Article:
This magnificent Silver Proof 1 Kilo...
The first coin of the series "Ships that Changed the World" is dedicated to ship "Santa Maria", the largest of the three ships that were used by Christopher Columbus between 1492 and 1493 in his first journey to find a faster trade route to the East Indies; journey that led instead to the discovery of the islands off the coast of America.
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Santa Maria ship
The Santa Maria de la Inmaculada Concepción, (English: Saint Mary of the Immaculate Conception), was the largest of the three ships used by Christopher Columbus in his first voyage. Her master and owner was Juan de la Cosa.
The Santa Maria was probably a small carrack, about 70 feet long, used as the flagship for the expedition. The other ships of the Columbus expedition were the smaller caravel-type ships Santa Clara, remembered as the Niña ("The Girl") and Pinta ("The Painted" – this might be a reference to excessive makeup). All these ships were second-hand (if not third or more) and were never meant for exploration.
The Santa Maria was originally named La Gallega ("The Galician"), because she was built in Pontevedra, Galicia, in Spain's north-west. It seems the ship was known to her sailors as Marigalante, Spanish for "Gallant Maria". Bartolomé de Las Casas never used La Gallega, Marigalante or Santa Maria in his writings, preferring to use la Capitana or La Nao.
The Santa Maria had a single deck and three masts. She was the slowest of Columbus's vessels but performed well in the Atlantic crossing. She ran aground off the present-day site of Cap Haitien, Haiti on December 25, 1492, and was lost. Realizing that the ship was beyond repair, Columbus ordered his men to strip the timbers from the ship. The timbers from the ship were later used to build Môle Saint-Nicolas, which was originally called La Navidad (Christmas) because the wreck occurred on Christmas Day.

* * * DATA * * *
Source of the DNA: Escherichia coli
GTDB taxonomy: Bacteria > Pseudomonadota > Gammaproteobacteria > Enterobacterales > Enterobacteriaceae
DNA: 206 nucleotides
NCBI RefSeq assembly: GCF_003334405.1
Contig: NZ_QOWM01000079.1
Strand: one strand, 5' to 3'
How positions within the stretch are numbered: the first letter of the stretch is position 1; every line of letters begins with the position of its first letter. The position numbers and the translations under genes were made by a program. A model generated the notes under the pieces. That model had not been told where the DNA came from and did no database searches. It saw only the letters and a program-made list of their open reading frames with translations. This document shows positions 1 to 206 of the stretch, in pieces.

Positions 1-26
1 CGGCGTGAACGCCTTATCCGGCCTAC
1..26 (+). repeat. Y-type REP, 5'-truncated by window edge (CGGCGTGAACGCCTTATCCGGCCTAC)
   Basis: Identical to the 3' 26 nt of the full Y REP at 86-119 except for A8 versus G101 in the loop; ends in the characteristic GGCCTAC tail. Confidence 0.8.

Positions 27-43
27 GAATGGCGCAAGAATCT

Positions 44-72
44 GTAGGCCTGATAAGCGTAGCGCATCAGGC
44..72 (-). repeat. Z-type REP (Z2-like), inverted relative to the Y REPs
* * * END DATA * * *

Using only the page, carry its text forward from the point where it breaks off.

Columbus's crew on the first voyage was not composed of criminals as is widely believed. Many were experienced seamen from the port town of Palos and the surrounding countryside and coastal area of Galicia. It is true, however, that the Spanish sovereigns offered amnesty to convicts who signed up for the voyage, but only four men took up the offer: one who had killed a man in a fight, and three friends of his who had then helped him escape from jail.
There were some crew members from Andalusia, as the voyage was financed by a syndicate of seven noble Genovese bankers resident in Seville (the group was linked to Amerigo Vespucci and funds belonging to Lorenzo di Pier Francesco de Medici). Hence all the accounting and recording of the voyage was kept in Seville. This also applies to the second voyage, even though the syndicate had by then been disbanded. This fact partly debunks the romantic story that the Queen of Spain had used a necklace that she had received from her husband the King, as collateral for a loan.
Of Columbus's four voyages, only the crew of the first voyage is completely known. In many cases, there are no surnames; the men's places of origin are indicated to differentiate crewmen with the same given names.